We can now understand the three approaches as to why there was a need to command Aaron concerning this offering specifically.


When a person harbors a negative thought, he/she thinks that they have all the time in the world to deal with it. After all, the thought will not harm anyone. Why rush into bringing this offering that deals specifically with eradicating negative thoughts?

The answer to this challenge is that there is a need to rush because the negative thought is not innocuous. It’s “rubbing” against the soul and causing damage to it. And since the damage can be severe, immediate attention is needed and a sense of urgency must therefore be communicated to the people.

However, one could argue that this is true for someone whose soul is extremely sensitive and pure. Like expensive silk, any contact with something coarse can damage the delicate nature of the fabric. Not so, one will argue, if one’s soul is far from such holiness. A little scratch or dirt on a crude animal skin will do it no harm. Aaron was an example of a silken soul. Perhaps he needed to be exhorted about the offering that removes the blemish caused by an improper thought, but his children wouldn’t necessarily need it as urgently.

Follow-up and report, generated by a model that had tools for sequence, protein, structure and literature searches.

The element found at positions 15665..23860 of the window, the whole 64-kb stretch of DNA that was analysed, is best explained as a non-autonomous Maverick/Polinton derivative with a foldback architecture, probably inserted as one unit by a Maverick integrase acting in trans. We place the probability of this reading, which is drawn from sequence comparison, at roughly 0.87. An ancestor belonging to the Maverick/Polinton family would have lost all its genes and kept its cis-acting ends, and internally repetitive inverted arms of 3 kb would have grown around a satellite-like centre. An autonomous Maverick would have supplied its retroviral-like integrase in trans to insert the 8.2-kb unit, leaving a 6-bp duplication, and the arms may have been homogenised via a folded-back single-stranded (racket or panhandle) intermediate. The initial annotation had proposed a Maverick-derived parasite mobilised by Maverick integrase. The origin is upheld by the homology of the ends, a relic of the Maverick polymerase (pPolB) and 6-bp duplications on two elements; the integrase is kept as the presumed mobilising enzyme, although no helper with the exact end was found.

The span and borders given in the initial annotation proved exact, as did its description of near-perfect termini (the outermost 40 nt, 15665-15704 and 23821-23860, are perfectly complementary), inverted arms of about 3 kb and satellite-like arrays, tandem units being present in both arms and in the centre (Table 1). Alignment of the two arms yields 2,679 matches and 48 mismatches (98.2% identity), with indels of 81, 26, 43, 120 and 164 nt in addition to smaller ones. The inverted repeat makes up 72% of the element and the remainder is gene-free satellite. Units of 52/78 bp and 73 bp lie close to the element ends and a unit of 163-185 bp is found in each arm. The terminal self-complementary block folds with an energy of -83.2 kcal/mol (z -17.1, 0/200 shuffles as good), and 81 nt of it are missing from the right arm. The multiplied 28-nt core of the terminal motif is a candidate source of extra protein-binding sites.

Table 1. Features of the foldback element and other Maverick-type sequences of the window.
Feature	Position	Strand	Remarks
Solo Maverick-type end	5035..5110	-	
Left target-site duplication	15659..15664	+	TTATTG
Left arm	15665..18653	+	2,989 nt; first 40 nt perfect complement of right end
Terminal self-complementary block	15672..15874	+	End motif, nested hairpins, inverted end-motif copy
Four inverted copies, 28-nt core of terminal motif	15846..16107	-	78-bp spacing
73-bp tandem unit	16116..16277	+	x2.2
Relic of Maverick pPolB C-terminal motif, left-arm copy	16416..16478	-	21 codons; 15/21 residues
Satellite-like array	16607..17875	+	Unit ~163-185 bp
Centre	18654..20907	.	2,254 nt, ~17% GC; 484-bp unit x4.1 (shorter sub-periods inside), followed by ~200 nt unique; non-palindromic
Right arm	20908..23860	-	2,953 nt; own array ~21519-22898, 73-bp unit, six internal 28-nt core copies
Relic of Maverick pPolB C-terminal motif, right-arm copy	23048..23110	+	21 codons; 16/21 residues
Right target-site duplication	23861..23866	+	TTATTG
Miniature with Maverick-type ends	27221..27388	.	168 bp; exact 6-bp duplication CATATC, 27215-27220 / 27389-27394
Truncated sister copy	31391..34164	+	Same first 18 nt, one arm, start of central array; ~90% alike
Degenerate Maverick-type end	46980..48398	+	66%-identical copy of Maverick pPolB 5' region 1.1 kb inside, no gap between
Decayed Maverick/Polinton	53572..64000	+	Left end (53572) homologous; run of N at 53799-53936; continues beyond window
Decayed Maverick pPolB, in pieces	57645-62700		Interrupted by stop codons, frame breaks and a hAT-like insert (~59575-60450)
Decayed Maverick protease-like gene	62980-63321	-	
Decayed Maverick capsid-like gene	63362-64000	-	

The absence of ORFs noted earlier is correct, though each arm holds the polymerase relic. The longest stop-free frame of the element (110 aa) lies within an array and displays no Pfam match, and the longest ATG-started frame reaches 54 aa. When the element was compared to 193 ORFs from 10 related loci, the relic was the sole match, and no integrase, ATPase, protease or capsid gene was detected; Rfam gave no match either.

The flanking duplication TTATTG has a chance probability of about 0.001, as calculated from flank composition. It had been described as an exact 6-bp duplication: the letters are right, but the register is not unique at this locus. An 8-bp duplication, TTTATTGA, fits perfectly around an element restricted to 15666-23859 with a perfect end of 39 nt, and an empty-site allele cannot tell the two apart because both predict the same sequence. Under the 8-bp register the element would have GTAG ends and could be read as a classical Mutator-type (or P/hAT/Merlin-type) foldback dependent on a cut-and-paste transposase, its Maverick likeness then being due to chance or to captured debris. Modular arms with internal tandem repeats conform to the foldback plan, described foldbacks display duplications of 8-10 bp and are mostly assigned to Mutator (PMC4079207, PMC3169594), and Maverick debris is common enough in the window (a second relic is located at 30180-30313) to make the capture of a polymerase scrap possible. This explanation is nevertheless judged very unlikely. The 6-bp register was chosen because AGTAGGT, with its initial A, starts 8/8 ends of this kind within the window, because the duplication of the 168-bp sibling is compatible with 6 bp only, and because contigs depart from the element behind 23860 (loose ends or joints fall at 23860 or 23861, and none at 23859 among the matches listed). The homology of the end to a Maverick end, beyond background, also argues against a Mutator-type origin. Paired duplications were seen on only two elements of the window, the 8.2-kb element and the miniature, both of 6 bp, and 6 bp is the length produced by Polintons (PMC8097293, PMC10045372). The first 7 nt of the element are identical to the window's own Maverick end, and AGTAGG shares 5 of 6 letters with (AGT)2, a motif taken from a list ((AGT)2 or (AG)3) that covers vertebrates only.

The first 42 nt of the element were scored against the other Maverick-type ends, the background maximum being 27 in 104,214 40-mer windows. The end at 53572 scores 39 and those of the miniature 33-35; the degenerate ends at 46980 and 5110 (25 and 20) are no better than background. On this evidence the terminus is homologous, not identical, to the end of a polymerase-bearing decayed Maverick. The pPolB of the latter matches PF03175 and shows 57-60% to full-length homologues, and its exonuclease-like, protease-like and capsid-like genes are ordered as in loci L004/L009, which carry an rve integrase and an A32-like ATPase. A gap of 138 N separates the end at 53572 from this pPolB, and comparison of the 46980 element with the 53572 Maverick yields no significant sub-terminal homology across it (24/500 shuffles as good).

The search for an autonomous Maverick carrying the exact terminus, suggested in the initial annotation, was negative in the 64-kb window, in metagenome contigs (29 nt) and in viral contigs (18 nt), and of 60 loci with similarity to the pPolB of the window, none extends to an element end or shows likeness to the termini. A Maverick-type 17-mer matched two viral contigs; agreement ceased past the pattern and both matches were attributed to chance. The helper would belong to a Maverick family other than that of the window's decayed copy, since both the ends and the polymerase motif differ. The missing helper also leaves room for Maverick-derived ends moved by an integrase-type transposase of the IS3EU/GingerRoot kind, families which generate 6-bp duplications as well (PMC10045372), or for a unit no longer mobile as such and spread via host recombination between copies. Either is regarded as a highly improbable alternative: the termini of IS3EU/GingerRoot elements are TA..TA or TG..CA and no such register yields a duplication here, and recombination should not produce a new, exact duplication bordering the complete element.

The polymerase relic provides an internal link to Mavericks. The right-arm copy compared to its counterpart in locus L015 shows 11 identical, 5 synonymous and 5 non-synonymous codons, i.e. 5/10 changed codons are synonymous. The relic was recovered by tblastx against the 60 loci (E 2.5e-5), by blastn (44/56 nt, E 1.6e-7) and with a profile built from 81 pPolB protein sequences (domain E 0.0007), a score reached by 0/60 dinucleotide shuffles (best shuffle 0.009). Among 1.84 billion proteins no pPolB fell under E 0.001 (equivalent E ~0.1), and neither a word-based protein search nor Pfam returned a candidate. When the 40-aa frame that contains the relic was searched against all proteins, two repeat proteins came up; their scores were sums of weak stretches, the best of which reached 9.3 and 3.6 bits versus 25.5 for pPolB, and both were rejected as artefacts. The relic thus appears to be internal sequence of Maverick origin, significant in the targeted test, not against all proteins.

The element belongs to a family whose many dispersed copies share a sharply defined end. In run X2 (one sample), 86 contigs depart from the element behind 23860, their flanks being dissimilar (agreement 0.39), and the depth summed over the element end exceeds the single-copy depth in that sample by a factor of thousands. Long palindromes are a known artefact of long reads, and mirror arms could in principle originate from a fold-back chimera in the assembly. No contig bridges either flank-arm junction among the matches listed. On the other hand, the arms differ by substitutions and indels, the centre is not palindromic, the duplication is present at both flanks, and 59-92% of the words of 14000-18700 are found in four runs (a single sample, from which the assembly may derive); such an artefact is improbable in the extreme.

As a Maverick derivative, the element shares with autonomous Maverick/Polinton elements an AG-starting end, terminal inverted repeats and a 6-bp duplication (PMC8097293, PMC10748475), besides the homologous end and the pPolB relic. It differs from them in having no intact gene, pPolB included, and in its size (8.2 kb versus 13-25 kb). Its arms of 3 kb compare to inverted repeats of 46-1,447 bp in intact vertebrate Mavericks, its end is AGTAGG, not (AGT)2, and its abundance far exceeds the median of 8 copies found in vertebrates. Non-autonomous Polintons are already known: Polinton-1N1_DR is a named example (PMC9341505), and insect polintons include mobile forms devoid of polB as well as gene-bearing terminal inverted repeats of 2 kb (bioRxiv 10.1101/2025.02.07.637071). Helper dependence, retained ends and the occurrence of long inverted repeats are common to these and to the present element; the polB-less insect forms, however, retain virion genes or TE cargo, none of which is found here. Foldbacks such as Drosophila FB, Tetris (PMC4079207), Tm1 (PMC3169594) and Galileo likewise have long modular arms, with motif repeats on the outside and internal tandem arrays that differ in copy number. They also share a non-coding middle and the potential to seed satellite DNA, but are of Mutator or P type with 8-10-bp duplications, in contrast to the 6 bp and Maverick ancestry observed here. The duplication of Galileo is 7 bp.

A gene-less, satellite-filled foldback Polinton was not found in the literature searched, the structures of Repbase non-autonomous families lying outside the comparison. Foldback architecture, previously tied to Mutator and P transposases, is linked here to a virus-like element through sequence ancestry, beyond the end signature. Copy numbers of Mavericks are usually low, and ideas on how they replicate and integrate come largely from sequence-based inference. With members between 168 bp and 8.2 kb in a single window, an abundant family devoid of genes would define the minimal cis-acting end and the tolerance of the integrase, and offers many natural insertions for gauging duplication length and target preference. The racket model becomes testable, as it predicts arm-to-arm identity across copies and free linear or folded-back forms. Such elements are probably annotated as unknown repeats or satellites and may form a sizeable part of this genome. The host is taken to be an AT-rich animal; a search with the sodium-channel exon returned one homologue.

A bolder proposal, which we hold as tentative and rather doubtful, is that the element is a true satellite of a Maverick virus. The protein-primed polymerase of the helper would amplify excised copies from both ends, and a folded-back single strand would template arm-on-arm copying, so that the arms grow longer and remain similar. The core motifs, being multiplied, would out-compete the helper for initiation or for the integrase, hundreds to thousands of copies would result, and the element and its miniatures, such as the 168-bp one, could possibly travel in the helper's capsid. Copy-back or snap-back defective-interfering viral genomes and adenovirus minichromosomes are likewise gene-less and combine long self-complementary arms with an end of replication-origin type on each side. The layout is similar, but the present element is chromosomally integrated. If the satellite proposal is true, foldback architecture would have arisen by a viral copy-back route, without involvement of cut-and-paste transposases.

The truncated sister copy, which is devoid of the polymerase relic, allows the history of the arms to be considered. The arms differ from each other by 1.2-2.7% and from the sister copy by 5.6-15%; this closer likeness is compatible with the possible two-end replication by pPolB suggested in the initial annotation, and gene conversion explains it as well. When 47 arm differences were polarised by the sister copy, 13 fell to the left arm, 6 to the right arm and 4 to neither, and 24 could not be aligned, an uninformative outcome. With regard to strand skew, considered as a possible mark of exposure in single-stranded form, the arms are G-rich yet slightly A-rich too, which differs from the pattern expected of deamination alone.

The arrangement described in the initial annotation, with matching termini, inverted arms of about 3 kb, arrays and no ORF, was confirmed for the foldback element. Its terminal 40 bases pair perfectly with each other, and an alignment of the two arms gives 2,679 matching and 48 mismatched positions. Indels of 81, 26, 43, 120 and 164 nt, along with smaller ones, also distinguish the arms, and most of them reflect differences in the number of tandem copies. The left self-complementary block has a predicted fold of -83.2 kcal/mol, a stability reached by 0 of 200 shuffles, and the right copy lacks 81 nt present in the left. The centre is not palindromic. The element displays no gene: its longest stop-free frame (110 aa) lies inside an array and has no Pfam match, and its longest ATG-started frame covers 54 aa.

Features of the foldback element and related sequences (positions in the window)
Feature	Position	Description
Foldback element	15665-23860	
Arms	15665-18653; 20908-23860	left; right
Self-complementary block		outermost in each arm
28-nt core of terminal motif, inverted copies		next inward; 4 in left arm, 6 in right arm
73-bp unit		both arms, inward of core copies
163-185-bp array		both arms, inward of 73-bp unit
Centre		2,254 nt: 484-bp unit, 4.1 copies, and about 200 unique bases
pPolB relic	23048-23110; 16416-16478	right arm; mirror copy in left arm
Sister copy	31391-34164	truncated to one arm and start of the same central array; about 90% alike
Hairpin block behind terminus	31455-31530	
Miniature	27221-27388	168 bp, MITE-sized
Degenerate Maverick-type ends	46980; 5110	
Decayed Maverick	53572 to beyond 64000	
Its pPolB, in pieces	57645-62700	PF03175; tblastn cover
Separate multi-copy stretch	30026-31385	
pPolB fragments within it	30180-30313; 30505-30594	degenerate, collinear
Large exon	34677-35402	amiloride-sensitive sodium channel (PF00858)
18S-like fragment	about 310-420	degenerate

The answer to this challenge is that, while it may be true that the stain caused by the negative thought is not as serious for someone with a less radiant soul, one must still feel the urgency to remove that blemish. And this urgency is for precisely the reason they think they don’t need to deal with it. The reason why the thought is considered not to be a major problem is because their souls are unrefined. That is why they harbor these negative thoughts. Therefore, it is crucial to remedy the situation by getting to the root of the problem and bringing refinement to one’s soul. Without treatment of the core problem, the person’s inner decay can totally destroy them.

Less refined people are even in greater need of atoning for their thoughts. It is like the person who develops external lesions that can be a sign that there is a malignancy beneath the surface. While the lesion itself will not harm them, the underlying cause of it left untreated can.